The company had pinned its hopes on the BlackBerry 10 operating system, but its phones have now slipped into fourth place behind Windows Phone devices, according to IDC and other analyst firms.
That slip seemed to play a key role in BlackBerry’s decision, announced earlier this month, to set up a committee to explore options such as selling the company or finding a partner to work with.
IDC last week said that BlackBerry’s market share fell to 2.9 percent in the second quarter — its lowest point since the firm started tracking BlackBerry devices. Windows Phone was at 3.7 percent, while Android led with nearly 80 percent and iOS held 13.2 percent.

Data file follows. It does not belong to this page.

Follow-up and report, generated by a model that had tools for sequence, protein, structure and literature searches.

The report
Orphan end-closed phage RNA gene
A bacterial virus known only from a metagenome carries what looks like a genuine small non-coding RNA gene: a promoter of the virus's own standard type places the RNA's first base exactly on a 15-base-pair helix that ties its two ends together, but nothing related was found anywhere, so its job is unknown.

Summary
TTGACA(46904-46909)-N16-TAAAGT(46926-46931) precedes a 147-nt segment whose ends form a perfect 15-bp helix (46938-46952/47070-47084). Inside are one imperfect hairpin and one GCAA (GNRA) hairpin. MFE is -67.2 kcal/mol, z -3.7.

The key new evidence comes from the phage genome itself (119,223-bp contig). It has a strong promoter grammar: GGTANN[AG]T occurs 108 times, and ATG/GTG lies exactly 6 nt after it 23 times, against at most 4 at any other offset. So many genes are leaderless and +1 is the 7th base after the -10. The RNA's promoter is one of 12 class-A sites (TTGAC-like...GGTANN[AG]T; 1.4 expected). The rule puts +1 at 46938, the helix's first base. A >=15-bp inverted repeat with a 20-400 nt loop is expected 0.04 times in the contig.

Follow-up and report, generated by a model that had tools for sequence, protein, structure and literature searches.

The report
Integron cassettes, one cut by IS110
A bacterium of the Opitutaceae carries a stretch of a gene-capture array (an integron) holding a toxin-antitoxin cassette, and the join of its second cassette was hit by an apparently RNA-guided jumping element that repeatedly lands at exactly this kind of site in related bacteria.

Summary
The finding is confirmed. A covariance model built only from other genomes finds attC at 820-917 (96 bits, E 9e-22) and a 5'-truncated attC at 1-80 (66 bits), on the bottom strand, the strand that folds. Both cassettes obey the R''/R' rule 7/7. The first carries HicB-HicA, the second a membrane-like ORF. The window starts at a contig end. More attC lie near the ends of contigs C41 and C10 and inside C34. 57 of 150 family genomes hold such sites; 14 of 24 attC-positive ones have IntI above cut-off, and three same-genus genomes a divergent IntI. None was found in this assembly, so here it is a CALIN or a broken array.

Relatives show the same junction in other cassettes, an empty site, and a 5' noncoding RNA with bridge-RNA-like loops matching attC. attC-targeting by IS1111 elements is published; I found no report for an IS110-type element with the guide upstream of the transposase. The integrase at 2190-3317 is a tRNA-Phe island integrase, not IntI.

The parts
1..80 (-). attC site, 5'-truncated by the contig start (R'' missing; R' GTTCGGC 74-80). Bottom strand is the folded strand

Noting that BlackBerry has lost ground in its traditional stronghold, the enterprise market, Gartner analyst Bill Menezes said even new ownership “[is] not going to address how the company restores itself.”
BlackBerry does have some attractive assets, including the core QNX operating system behind BB10, BlackBerry Enterprise Service software, numerous patents and the BlackBerry Messenger brand.